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Phil Tippett always had monsters on his mind.
“The first memory I have is of being in a crib and I heard a squishy sound in the hallway,” says Tippett. “There was a night light in my room and suddenly there was this three- or four-foot-tall octopus thing that crawled into my room and into my crib and fell on my head.”
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While the octopus wasn’t real, it did signal the beginning of a lifetime obsession with monsters. As a kid he was forever changed when he saw the giant ape in “King Kong.”
Tippett, who is celebrating 40 years in VFX and co-founded Berkeley, Calif.-based visual effects shop Tippett Studio in 1984, went on to create countless fan-favorite characters including Jabba the Hut and the Rancor Monster in “Return of the Jedi.” He also brought to life the Tauntauns and Wampa from “The Empire Strikes Back.” Later on, he made the Raptor and T-Rex stop-motion puppets in “Jurassic Park.”
“I always wanted to be like Ray Harryhausen and make things that no one had ever seen before,” says Tippett, referring to the late legendary animator. “That idea was part of the company we created.”
All these imagined and made creatures led the VFX artist to form Tippett Studio, the company behind many of the most groundbreaking effects and animation over the past two decades. Recently, the company worked on “Black Adam,” “The Man Who Fell to Earth” and “The Orville” Season 3. It also announced the launch of Tippett Canada, based in Toronto, a post-production studio working with clients including Marvel Studios, Lucasfilm, Disney, Showtime and New Line.
As Tippett turns his focus toward directing with projects such as “Mad God” and others in development, the company has brought in new leadership to help steer it into future as it takes on content production for theme parks and 3D billboards in addition to the core VFX business. The studio just promoted and added execs: Sanjay Das is the CEO, Gary Mundell is COO and president of Tippett Canada and Corey Rosen is now exec VP of creative development.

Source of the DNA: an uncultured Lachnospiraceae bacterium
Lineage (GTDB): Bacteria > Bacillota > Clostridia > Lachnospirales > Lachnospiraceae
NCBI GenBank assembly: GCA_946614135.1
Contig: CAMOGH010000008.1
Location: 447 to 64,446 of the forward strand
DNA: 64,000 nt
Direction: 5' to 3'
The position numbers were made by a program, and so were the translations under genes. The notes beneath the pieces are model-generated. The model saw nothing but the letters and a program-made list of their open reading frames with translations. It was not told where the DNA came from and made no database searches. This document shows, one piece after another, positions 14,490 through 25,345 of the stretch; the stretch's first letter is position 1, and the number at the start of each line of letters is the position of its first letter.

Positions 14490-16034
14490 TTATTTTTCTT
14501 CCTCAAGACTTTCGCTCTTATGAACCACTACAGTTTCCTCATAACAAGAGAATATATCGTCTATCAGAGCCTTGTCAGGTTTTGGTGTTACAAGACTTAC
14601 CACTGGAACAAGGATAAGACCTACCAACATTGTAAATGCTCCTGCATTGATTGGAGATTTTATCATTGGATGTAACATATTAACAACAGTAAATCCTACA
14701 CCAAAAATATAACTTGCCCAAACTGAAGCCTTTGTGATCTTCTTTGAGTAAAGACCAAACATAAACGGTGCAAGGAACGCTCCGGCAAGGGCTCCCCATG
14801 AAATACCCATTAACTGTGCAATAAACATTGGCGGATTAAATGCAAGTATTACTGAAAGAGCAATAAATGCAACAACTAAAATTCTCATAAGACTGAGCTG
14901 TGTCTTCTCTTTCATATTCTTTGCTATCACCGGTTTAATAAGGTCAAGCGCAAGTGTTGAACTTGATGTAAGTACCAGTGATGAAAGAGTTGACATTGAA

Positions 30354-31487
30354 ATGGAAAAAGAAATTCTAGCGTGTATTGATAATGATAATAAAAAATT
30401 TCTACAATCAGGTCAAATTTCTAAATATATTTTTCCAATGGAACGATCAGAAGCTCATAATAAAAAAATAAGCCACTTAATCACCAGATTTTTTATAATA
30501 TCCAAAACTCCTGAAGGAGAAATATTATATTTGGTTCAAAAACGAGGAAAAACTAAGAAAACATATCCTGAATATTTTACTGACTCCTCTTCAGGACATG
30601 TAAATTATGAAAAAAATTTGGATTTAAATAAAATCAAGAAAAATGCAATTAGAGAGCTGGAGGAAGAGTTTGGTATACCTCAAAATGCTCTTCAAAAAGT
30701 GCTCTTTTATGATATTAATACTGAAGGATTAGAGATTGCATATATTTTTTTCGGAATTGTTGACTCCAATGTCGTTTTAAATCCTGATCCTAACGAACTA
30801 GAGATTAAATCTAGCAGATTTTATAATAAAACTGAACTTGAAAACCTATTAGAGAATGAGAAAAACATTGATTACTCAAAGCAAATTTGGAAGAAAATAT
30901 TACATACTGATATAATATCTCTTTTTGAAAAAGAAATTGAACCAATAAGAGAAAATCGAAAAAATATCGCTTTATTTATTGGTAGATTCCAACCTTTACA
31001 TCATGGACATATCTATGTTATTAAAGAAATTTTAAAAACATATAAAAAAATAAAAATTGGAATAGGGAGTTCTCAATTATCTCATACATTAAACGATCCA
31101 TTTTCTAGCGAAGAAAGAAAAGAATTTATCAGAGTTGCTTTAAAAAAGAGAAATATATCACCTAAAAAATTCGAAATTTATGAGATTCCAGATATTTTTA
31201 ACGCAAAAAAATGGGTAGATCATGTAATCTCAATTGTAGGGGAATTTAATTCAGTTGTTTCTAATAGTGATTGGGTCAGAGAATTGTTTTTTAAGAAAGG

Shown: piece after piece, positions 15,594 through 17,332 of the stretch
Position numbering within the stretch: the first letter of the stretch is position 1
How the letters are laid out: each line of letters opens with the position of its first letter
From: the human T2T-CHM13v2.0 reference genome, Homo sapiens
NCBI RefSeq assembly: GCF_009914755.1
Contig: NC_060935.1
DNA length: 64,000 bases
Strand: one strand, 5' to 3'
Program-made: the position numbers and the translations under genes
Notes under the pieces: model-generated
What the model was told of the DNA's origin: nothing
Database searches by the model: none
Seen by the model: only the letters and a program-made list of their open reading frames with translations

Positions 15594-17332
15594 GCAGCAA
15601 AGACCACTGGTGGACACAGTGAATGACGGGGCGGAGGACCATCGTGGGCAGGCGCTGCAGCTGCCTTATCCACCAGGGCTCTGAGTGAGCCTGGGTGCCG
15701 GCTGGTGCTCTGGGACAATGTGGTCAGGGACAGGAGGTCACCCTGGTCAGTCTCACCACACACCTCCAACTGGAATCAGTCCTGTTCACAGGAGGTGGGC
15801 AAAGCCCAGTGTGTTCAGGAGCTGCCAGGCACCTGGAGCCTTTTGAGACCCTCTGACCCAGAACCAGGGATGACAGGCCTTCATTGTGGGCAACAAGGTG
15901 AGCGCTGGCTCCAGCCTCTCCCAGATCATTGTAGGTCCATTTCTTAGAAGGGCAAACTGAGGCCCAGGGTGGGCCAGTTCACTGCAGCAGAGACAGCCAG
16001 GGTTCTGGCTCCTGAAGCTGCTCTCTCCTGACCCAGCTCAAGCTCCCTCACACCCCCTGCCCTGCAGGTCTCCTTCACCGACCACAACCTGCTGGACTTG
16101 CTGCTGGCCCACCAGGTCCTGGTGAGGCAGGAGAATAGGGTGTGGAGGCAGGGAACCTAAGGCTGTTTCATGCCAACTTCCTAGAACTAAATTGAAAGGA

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“We’re not just visual-effects artists,” says Das. “We’re storytellers. We want to be involved in the process of storytelling. We have a fully functioning stage where we do miniatures and greenscreen. We do stop motion. We have a pedigree in filmmaking at the highest level that’s grounded in Phil’s techniques.”
The studio has ventured into new areas with the “Book of Boba Fett” billboard in New York City’s Times Square, a collaboration with ILM for a new LG OLED screen, and a billboard for “Jurassic World: Dominion.” Additionally, Tippett Studio created two animations for Times Square — one of a quetzalcoatlus landing on top of a building and the other with velociraptor characters hovering “over the edge” of the billboard and peering down into the street.
“I think the skills that our artists have can be used anywhere,” says Jules Roman, co-founder of Tippett Studio. “We’re visual creatures so the ability to create images that transport audiences is something that will always be needed. In the beginning, when we started the studio, we really thought about ourselves as creatives, artists, so it’s good that we have someone like Sanjay come on board and find new ways for us to use those skills and support ourselves.”
Adds Mundell: “We’re also working on developing partnerships with technology vendors who can help us do our best work. This has always been a company based in imagination and technology.”
As they increase work in commercial adverting, Tippett Studio is still grounded in the place where everything began — visual effects. They’ve returned to the world Tippett knows well and completed work on “The Book of Boba Fett” and “The Mandalorian” Season 2 for Disney +. Their work can also be seen on Netflix in “Locke and Key.” Marvel Studios’ “The Falcon and the Winter Soldier” was a Tippett Studio project as well.
“Tippett has always been a creative place,” says VFX supervisor Chris Morley. “If there’s one thing I can say about us it’s that we’re not afraid of anything. We’re not afraid of new technology. We’re basically pirates. We’ll use whatever we need to get the job done and we’ll get it done the right way. This way of working goes all the way back to ‘Jurassic Park.’”
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